The timbers have been placed, log cabin style and nailed. 4" nails from the top about every foot. I also toe nail from the inside with 3" nails and added corner 4" L brackets for extra strength on every 3rd board. I'll dig down a little below the base timbers before I add the inside plywood so that the liner can't slip under when filled with water. The inside plywood is added just to gave a smooth surface for the liner and isn't a must (but 3/8" is very cheap) have as long as you fill in any gaps with foam. This above ground level garden will only have a depth of about 18", you can also dig out below the ground level, with the added depth the lily pads are larger along with larger flowers. If you do this you will have to run the plywood all the way to the bottom to keep the sides from caving in. The lily pond in the back ground was dug out 30" below ground level, not only did I run the plywood all the way to the bottom, I also covered the bottom with plywood, just because I had enough extra for the bottom left over. My display tanks have a dirt bottom, made it easier to slope the bottom towards the center bottom drain.

  Even with this 11' length the landscaping timbers don't need any extra braces to keep them from bowing along the sides. If you are using 10"X2" or whatever planks for your sides you may want to use 4"X4" post at the board joints every 6' or so along the side to keep them from bowing out. If you space them evenly they will look great and the board seams won't show, plus you'll have something to fasten the top rail to as long as you cut them off at the same height. Just set them in a hole a foot or so deep while building the sides and after you have everything the way you want it, just fill the holes around the post with concrete, don't get to crazy here, you may want to dig them up some day. < (That is the voice of experience.)

 

  After the interior plywood is installed with just enough 2" dry wall screws to hold it in place, be sure to run these up tight to pull the plywood flat against the timbers so the screw head don't poke a hole in the liner, "Great Stuff" foam has been used to fill in all gaps and seams. After it's trimmed back I'll cover all the edges and seams with duck tape just to smooth it out. On the far end I have made a planter box for dirt plants. The 2 upright post are to put a lattice on for vines (Passion Fruit), which have since taken over the trees and power lines .

 

 The liner installed and filling with water, I'll fold the corners as it fills, then let it settle for a day before trimming the liner edges. I'll add 1 more layer of the landscaping timbers to cover the top of the liner. You could also use a wider flat board here to make a little shelf, but I have found that anything you set on the edge of a pond, will end up going in!

 

     

 

  Finished water garden, lotus and water lilies being added. Without filtration you'll want to keep any fish load to a minimum, I'll just be using misqueto fish in mine, but you could add a couple goldfish if you can keep yourself from feeding them very often. Goldfish in your water garden are very appealing, you and your visitors will get a lot of enjoyment from them. They are very friendly and will be rushing right up to you every time you visit them. With a water garden this size it will be something to see them all rush towards you. Even with water this shallow they will be fairly safe from birds since they can swim under plants and stay hid. Birds are the number one preditor of pond fish, a cat or dog in the yard ends that problem.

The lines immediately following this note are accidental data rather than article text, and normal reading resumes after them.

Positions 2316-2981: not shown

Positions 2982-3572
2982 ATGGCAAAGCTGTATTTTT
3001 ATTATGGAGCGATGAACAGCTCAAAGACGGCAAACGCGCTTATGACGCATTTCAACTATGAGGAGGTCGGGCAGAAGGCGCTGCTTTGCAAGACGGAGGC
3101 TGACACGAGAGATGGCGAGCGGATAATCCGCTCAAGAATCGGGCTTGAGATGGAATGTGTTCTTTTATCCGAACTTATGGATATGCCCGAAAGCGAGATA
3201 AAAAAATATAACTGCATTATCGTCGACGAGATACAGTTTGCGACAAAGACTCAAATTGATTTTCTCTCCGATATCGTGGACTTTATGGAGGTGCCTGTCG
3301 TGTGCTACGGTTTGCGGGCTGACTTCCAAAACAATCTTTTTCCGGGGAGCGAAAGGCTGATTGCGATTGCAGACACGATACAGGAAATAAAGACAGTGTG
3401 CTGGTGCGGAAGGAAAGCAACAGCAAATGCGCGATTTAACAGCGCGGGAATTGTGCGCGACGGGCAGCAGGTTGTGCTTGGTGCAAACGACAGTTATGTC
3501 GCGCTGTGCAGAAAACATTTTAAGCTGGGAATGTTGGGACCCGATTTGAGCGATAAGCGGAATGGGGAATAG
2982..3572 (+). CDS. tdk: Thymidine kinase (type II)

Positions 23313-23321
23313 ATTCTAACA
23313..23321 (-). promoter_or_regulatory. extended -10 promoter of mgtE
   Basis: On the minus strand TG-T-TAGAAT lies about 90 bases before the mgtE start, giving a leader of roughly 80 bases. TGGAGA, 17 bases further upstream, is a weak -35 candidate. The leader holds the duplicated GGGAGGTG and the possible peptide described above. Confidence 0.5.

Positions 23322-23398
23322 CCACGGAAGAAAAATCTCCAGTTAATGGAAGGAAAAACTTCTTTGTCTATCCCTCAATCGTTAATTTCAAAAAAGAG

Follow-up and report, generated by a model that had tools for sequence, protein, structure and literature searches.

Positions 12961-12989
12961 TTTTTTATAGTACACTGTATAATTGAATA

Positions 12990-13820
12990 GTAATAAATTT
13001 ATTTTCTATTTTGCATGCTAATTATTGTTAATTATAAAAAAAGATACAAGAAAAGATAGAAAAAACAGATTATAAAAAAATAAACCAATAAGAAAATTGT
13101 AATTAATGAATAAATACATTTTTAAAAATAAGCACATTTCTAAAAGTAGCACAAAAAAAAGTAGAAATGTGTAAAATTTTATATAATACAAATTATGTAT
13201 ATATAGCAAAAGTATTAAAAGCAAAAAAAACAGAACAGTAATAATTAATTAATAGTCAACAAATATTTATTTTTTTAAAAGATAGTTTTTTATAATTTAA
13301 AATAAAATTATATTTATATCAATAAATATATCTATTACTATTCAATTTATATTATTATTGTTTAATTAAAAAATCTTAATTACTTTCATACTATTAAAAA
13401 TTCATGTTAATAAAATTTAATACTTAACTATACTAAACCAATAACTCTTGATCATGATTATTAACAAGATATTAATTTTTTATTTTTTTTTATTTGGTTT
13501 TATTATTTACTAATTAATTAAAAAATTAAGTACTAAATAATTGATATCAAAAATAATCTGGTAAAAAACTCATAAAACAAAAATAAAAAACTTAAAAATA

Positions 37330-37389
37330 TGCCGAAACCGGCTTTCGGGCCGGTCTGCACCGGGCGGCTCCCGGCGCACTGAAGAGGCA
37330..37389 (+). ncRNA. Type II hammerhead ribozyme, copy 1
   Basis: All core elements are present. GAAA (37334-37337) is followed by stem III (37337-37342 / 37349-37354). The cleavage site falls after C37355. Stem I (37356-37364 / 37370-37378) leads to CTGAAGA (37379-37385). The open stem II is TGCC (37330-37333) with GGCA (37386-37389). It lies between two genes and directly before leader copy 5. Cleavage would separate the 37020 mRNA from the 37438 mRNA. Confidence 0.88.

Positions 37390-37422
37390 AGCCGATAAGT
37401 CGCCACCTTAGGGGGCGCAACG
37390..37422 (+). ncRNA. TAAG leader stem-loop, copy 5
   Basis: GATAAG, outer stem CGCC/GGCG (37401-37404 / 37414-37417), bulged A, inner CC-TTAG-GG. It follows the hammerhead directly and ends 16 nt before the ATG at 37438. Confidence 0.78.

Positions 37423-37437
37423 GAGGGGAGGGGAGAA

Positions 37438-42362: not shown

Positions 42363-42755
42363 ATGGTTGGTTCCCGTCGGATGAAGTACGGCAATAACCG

Don't want fish? Well, I have an idea for you that can become quite profitable, I added Red Cherry Shrimp to my display pond and there are now thousands. Here in south Florida they can stay in the pond year round but they stop breeding when it gets down to the low 60's. What do I do with red cherry shrimp you ask? Check out my auctions at Aquabid, 200 to 300 of these little guys sell at auction every week! Click Here to see what I have listed this week alone and as they sell I relist them. I started with 6 and have been selling them for about a year now. No filter required for these guys, but you'll need to put a sponge over any pump that you are using for a fountain or they will get sucked in, they are extremely small when they hatch. Click here and scroll down in my "Raising Your Spawn" page until you see the pump wrapped with a sponge to take care of this problem. Very easy to make.



  A small pump with a fountain will add a lot of interest to a water garden. A very inexpensive 100 gallon per hour pump with a very cheap sprinkler riser and sprinkler head will work very good. There also solar powered pumps, but I have no experience with them, I assume they only run in the day time or shortly after dark which is fine unless you are running a filter for fish, you'll want that running 24/7.


  By the way, it's best to plant your water lilies near the edge so you can keep them trimmed without going in the water, the pads will extend towards the center of the pond and the blooms will be above the planter. If you have a choice of where you can build you water garden try to put it in an area that will get the most sun, you'll get a lot more blooms. I always have tropical water lilies for sale at the best price around. Click here for more information on what I have available.